Hooking the biggest fish left in the free agent pond will gives a substantial jolt to a Tigers lineup that recently lost Victor Martinez for the season with a torn ACL. The biggest fantasy impact could be felt by incumbent first baseman, Miguel Cabrera, who will no longer be calling first base his primary position. Speculation on MLB network and around the web is that he’ll get reps at third base in spring training. Adding third base eligibility would increase his value, which is already that of a mid first rounder. It’s also possible he’ll get some time in the corner outfield. In all likelihood, in my opinion, most of his time will come at designated hitter. Even in the event Cabrera proves to be a train wreck in the field at third base or the outfield in spring training, he’ll need to play somewhere during interleague contests played at National League ballparks. Regardless of where he plays, Cabrera will get a boost by adding eligibility, and his already gaudy counting stats could get a bump from the presence of another top flight heart of the order bat.
Cabrera isn’t the only player in the lineup that is in line to see their value increase. Starting at the top of the order, leadoff hitter Austin Jackson is now hitting in front of two superstars. If he’s able to improve his on-base percentage in one way or another, his run scored total will be eye popping. The most obvious way for him to improve his OBP would be by reducing his awful strikeout rate (27.1 percent in 2011), and seeing an increase in batting average. He would also be aided by reverting back to the hitter that stung the ball with a 24.2 percent line drive rate in 2010, from the one that had a modest 16.8 percent line drive rate in 2011. Jackson has been an incredibly efficient base stealer in two major league seasons, 49 stolen bases with 11 caught stealing for an 81.7 percent success rate, so I don’t expect Leyland to put the brakes on him and force him to play station-to-station baseball with the boppers behind him.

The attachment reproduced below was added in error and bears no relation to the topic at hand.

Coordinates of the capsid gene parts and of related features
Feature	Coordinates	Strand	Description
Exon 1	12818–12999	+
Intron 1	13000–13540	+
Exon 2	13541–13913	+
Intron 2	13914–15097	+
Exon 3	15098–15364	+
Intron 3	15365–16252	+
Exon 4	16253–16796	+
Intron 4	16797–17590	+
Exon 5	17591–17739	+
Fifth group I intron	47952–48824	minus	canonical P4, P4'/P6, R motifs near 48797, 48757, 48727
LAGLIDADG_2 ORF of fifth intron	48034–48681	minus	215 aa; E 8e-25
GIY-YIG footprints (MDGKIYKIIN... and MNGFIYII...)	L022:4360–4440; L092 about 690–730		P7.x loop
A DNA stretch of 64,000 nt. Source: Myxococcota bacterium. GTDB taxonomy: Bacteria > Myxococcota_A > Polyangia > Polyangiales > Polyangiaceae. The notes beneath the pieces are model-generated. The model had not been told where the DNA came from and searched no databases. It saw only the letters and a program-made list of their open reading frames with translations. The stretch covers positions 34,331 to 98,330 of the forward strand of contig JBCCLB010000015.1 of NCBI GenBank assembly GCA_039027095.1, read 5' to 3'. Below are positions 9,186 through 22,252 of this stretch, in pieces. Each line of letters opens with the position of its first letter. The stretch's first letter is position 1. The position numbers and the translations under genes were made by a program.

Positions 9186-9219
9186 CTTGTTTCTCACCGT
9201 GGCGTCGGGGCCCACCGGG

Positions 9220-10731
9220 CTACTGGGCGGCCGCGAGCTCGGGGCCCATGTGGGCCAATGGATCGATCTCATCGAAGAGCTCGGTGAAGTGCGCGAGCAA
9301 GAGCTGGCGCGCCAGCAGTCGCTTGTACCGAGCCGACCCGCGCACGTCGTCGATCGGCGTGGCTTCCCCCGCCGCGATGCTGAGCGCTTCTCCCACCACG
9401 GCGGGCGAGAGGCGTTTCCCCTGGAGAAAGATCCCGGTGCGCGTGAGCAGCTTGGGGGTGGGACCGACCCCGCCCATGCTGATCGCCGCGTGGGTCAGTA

The other bats that stand to see their stock rise are Delmon Young, Jhonny Peralta, and Alex Avila. All three are projected to hit behind Cabrera and Fielder, two batters that ranked in the top five (Cabrera was first) in OBP. As good as V-Mart was, his .380 OBP was good for 17th best amongst qualifying players, and 35 points lower than Fielder’s .415 OBP. Fielder has been a consistent OBP machine, besting the .400 mark in each of the last three seasons, including his down 2010 season where he hit just .261. More ducks on the pond makes for more RBI chances for Young, Peralta, and Avila.
Moving on to Fielder, he swaps Ryan Braun for Cabrera as a middle of the order mate. Life must be so tough for Prince. Joking aside, the opportunity for Fielder to continue on the course of racking up juicy counting stats is great. The lone fly in the ointment is swapping Miller Park for Comerica Park. Fantasy owners almost certainly had to be hoping Fielder would be calling Texas home. Instead, he’ll be moving from a ballpark that, according to Bill James Ballpark Index, boosted left-handed home run production by 16 percent from 2009-2011, to one that reduced it by 11 percent in the same time frame. That said, Fielder has gargantuan power that makes him as good a bet as any to eclipse 35 home runs annually. He remains an elite first base option, and is a back end of the first round talent.